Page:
Supreme Court set to hear gerrymandering case

WASHINTON (Gray DC) -- Wisconsin is being sued over politically gerrymandered legislative districts, and the case is just days from the Supreme Court.

Hans von Spakovsky, with the conservative Heritage Foundation, said, “I think it could be the biggest redistricting case since the early 1960s.”

The map, drawn by the Republican controlled Wisconsin state legislature, is being used as a shiny example of politicians drawing district lines to benefit themselves. A strategy called gerrymandering.

Representative Dan Kildee (D-Michigan), said, “This has been done by democratic legislatures in the past as well, it doesn’t make it right.”

Next week, the U.S. Supreme Court will hear oral arguments from the lawyers challenging the Wisconsin maps, and from lawyers defending what Wisconsin legislators drew up.

Spakovsky said, “If the Supreme Court recognizes political gerrymandering as a violation of the Constitution, I think it will cause chaos throughout the country.”

Spakovsky says the Supreme Court should strike down the suit against Wisconsin, otherwise he says it will open the flood gates for all states to sue over political gerrymandering.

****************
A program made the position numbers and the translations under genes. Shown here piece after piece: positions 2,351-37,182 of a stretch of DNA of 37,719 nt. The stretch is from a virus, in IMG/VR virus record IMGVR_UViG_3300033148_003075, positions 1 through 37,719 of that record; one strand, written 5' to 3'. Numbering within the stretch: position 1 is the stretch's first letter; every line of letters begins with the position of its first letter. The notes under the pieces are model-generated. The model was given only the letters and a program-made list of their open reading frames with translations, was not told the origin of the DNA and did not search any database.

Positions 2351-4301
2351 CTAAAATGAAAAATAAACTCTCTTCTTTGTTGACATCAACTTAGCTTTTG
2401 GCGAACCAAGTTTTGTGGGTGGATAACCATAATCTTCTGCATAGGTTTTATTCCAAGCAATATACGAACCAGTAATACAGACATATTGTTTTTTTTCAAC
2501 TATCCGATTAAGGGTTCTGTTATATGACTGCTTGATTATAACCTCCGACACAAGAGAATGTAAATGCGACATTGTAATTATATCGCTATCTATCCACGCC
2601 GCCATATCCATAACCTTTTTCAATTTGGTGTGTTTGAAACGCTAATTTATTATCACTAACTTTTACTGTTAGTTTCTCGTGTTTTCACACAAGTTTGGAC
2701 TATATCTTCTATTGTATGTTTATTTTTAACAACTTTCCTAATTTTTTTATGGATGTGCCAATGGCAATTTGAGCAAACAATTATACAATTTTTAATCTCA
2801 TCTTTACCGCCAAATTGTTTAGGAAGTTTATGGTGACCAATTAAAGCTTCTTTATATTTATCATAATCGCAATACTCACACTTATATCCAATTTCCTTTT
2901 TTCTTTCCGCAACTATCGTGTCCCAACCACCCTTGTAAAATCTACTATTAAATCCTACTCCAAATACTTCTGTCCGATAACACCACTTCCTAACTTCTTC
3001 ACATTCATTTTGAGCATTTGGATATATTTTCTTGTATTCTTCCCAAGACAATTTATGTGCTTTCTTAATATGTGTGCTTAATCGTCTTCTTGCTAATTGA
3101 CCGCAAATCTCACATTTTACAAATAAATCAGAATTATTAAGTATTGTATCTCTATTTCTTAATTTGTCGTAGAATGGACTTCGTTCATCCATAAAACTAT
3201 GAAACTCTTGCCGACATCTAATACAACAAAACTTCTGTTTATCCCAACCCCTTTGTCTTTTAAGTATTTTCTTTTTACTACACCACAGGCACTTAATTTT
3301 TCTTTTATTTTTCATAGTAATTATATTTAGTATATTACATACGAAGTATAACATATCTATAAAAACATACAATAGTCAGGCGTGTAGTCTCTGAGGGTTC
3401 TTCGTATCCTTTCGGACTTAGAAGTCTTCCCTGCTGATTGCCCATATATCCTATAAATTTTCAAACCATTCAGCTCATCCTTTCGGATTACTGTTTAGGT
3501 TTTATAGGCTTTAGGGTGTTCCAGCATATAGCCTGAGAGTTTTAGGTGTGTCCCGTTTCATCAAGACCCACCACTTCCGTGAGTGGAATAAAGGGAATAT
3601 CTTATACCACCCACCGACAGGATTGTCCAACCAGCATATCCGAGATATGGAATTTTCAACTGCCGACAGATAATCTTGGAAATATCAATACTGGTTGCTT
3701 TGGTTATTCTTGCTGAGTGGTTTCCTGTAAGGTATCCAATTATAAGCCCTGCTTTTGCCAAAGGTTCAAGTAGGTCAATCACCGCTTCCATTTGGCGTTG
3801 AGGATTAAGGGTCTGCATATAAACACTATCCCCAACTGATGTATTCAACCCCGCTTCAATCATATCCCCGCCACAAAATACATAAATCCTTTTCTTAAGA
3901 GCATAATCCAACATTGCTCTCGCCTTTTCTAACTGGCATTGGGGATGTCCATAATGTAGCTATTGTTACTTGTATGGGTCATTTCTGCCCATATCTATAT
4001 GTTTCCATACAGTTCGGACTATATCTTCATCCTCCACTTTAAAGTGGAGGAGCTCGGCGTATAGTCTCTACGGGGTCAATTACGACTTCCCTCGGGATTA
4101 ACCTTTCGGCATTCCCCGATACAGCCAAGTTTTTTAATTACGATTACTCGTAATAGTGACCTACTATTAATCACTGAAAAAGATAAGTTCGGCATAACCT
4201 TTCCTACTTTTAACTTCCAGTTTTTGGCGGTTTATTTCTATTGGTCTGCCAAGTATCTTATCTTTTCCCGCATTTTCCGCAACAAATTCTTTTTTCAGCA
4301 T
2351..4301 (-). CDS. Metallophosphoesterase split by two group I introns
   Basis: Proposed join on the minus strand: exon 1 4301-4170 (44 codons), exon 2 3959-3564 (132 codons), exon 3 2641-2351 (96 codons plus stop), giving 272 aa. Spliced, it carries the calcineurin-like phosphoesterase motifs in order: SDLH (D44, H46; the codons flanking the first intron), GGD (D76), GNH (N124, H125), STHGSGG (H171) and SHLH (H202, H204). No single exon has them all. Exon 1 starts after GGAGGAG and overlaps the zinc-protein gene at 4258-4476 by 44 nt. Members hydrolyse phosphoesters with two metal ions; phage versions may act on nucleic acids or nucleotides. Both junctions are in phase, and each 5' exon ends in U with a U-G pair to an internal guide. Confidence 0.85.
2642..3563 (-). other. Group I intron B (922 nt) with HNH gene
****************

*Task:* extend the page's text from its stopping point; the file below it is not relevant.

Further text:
Spakovsky said, “I know folks sometimes get upset over the way legislative districts are drawn, but the answer to that is to go after the legislators who did the drawing, not give the courts the power to go in and change things.”

Kildee said, “What we have now is seats that are drawn in such a way that the only real challenge that anybody could face, in either the Republican Party and sometimes the Democratic Party, would come from either the far left or the far right.”

Kildee put his name on a brief, along with some other Democrats and Republicans in Congress, urging the Supreme Court to find the Wisconsin district maps unconstitutional.
The Supreme Court will hear this political gerrymandering case Tuesday morning.



 
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